Release of Pesticide Study Blocked by DOI

Silencing Science Tracker

Release of Pesticide Study Blocked by DOI

In or around November 2017, political appointees at the Department of the Interior (DOI) blocked release of a report, examining the impact of pesticide use on endangered and threatened species.

The report focused on three commonly pesticides — chlorpyrifos, malathion, and dioxinon — which the Environmental Protection Agency (EPA) was proposing to re-authorize. Prior to re-authorization, EPA had to consult with the DOI’s Fish and Wildlife Service (FWS), pursuant to the Endangered Species Act. Under the terms of that Act, FWS scientists had to assess whether use of the pesticides would “jeopardize the continued existence” of any threatened or endangered species. The results of that assessment were documented in the report, which concluded that use of chlorpyrifos would jeopardize 1,399 species, while use of malathion would jeopardize the continued existence of 1,284 species, and use of dioxinon would jeopardize 175 species.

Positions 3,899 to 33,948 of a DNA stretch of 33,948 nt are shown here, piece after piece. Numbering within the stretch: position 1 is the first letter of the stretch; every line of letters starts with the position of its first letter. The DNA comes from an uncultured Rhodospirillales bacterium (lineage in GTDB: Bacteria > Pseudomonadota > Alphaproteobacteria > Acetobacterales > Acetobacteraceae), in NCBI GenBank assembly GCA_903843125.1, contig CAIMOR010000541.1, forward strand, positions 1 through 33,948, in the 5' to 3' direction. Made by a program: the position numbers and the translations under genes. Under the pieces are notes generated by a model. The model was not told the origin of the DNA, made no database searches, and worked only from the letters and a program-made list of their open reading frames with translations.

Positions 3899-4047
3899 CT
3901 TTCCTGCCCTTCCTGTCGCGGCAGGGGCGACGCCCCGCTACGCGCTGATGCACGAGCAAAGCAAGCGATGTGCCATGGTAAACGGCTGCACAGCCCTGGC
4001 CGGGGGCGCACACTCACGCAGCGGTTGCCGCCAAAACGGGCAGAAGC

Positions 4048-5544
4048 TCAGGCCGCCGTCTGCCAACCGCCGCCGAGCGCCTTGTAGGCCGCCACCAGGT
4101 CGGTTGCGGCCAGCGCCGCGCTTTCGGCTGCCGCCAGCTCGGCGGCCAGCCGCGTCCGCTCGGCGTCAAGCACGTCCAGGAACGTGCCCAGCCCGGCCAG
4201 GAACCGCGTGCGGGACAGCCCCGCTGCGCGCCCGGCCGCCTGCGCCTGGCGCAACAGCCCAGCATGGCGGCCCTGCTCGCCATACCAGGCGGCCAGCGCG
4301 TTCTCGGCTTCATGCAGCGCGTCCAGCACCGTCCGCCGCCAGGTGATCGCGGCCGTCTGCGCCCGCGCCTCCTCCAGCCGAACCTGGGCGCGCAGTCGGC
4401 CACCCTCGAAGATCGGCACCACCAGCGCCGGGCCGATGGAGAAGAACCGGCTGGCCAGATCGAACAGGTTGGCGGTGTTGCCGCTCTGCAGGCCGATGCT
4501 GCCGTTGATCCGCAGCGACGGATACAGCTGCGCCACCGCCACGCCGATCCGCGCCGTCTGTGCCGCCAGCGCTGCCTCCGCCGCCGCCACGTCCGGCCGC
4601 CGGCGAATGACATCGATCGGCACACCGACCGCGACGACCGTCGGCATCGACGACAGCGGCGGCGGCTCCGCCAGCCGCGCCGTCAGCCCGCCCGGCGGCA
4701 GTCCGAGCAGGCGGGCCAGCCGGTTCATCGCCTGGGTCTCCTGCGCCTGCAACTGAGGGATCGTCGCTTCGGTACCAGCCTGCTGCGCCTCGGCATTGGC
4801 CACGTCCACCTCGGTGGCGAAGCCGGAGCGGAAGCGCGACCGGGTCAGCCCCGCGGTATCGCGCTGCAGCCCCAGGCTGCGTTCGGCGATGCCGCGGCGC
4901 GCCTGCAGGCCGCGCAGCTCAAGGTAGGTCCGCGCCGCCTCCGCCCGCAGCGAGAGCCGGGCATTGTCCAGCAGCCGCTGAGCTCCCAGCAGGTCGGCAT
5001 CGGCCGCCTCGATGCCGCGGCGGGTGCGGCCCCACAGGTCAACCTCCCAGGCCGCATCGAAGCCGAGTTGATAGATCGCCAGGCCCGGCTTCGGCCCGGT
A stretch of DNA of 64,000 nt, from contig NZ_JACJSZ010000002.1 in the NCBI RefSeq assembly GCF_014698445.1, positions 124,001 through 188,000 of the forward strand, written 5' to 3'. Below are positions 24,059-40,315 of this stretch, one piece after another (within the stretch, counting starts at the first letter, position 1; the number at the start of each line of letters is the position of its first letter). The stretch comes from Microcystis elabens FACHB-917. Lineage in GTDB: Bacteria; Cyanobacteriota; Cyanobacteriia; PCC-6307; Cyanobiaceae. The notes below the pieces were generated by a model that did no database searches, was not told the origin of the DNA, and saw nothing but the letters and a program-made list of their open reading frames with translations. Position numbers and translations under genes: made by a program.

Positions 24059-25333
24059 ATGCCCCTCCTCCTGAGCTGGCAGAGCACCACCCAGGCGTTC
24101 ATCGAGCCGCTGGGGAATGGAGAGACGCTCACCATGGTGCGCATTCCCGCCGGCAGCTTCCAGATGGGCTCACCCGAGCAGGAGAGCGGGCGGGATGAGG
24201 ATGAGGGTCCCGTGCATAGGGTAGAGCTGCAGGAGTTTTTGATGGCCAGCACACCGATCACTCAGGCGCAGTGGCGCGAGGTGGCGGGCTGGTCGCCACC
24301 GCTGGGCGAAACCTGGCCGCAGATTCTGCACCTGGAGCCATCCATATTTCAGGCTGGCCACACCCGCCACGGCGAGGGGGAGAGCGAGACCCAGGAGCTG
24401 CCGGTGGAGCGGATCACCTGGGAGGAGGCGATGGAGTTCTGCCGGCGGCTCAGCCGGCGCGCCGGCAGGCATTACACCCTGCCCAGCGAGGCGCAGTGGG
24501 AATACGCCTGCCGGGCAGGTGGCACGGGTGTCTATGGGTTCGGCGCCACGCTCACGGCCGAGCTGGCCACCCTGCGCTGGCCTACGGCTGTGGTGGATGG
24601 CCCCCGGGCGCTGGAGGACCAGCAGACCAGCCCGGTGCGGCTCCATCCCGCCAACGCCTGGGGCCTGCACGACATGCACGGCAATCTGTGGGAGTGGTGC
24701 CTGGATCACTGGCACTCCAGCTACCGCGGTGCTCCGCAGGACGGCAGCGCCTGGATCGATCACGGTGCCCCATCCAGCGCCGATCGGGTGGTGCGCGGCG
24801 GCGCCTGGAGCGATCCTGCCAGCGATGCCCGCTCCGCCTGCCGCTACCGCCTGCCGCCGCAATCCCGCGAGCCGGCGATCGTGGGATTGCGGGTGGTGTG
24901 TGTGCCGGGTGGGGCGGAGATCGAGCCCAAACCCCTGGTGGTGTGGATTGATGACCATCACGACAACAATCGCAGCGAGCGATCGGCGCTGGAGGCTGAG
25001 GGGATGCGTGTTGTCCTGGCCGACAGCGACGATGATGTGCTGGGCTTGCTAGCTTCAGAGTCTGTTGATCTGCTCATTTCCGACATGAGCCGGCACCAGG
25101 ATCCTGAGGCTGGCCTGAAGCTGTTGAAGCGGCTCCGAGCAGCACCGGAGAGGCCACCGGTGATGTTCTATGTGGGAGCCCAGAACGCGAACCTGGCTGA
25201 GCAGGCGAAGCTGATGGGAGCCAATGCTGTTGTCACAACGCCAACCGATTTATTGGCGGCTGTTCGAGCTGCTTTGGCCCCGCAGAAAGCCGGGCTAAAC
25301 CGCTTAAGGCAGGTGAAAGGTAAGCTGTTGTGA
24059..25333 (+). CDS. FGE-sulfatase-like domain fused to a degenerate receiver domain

Documents obtained under the Freedom of Information Act show that, as FWS was preparing to release the report, its authors were called to a meeting with then Deputy Secretary of the Interior David Bernhardt. The Deputy Secretary subsequently announced that the report would not be released in its current form. The report’s authors were told to revise the methodology they had used to determine whether use of the pesticides jeopardizes species. The authors had previously based that assessment on the impacts of using the pesticides at the maximum level allowed by law. They were, however, told to revise their approach and assess impacts based on actual historic pesticide use. This revised approach was reported supported by the pesticide industry.



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